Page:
Dave Grohl’s 1970s Gibson RD Standard (Tobacco Burst)
This is another guitar that Dave used in the early days of Foo Fighters, and not much is known about it. As an interesting note, Krist Novoselic used to use RD bass guitars in Nirvana, but Dave explained that he discovered the guitar on his own and that it wasn’t necessarily an influence from Krist.
I had an RD phase [Gibson RD Artist]. I was really into RDs for a while. [Krist Novoselic] had RD and Grabber basses. But I think what happened was that I saw one in a store and I thought, Wow this thing weighs 40 pounds! I had a Gibson Explorer for a long time. I don’t know anything about guitars. If it sounds good when you play it, play it.Classic interview: Josh Homme, Dave Grohl and Alain Johannes talk Them Crooked Vultures and affordable gear
Based on the appearances, this guitar, in particular, is an RD Standard model, since it features dot inlays, compared to block inlays seen on the RD Artist model. These guitars were produced for only two years, between 1977 and 1979, so Dave’s guitar is somewhere from that period.
The Standard model was also the only of the three RD models (Artist and Custom being the other two) that had the old-school passive circuitry. The other two models had inbuilt pre-amplifiers.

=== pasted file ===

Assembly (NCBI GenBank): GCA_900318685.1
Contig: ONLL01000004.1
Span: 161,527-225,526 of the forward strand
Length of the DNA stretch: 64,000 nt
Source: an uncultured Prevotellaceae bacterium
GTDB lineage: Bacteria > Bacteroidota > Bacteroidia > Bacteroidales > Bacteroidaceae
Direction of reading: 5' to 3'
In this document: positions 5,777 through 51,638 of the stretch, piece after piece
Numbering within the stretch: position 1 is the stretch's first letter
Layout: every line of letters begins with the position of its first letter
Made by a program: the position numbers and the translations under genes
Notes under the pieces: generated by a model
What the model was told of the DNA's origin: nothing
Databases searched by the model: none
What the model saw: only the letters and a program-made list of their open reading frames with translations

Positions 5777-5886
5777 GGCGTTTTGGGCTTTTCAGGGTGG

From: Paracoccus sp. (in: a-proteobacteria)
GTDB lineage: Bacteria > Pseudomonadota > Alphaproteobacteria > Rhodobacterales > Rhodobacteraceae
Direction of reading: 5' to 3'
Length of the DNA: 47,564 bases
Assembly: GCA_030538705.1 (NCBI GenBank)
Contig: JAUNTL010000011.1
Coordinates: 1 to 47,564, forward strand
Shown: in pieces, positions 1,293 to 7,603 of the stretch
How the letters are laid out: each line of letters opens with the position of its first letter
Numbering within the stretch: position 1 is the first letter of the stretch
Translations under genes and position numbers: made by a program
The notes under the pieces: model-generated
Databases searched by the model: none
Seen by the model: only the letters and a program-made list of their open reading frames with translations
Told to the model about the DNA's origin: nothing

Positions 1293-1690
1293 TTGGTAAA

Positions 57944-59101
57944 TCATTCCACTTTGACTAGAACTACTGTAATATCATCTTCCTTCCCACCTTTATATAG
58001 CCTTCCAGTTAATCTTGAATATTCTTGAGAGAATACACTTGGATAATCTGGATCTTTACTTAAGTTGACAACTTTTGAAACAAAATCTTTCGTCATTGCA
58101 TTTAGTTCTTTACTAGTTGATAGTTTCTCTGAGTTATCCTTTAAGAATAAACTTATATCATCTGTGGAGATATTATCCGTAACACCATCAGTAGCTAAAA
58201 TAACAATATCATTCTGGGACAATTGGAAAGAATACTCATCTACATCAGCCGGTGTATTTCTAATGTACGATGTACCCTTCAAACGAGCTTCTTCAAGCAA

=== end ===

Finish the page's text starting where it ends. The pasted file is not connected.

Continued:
The guitar used on Everlong?
According to Bradley Cook, who worked as an audio engineer on Foo Fighters’ second album, The Colour and the Shape, Dave most likely used the Gibson RD Standard to record the song Everlong.
It was probably the RD Standard. They had a bunch of guitars at that time, and I wasn’t really paying attention to that kind of stuff. This was the second record that I recorded all the way through by myself.Bradley Cook – Foo Fighters Everlong: Inside the song
Dave couldn’t remember for sure, but since this is such a recognizably guitar visually, it’s most likely that there’s something to his story. Also, given that Dave did record Everlong on this guitar, it’s possible that he used it extensively on the remainder of the songs.
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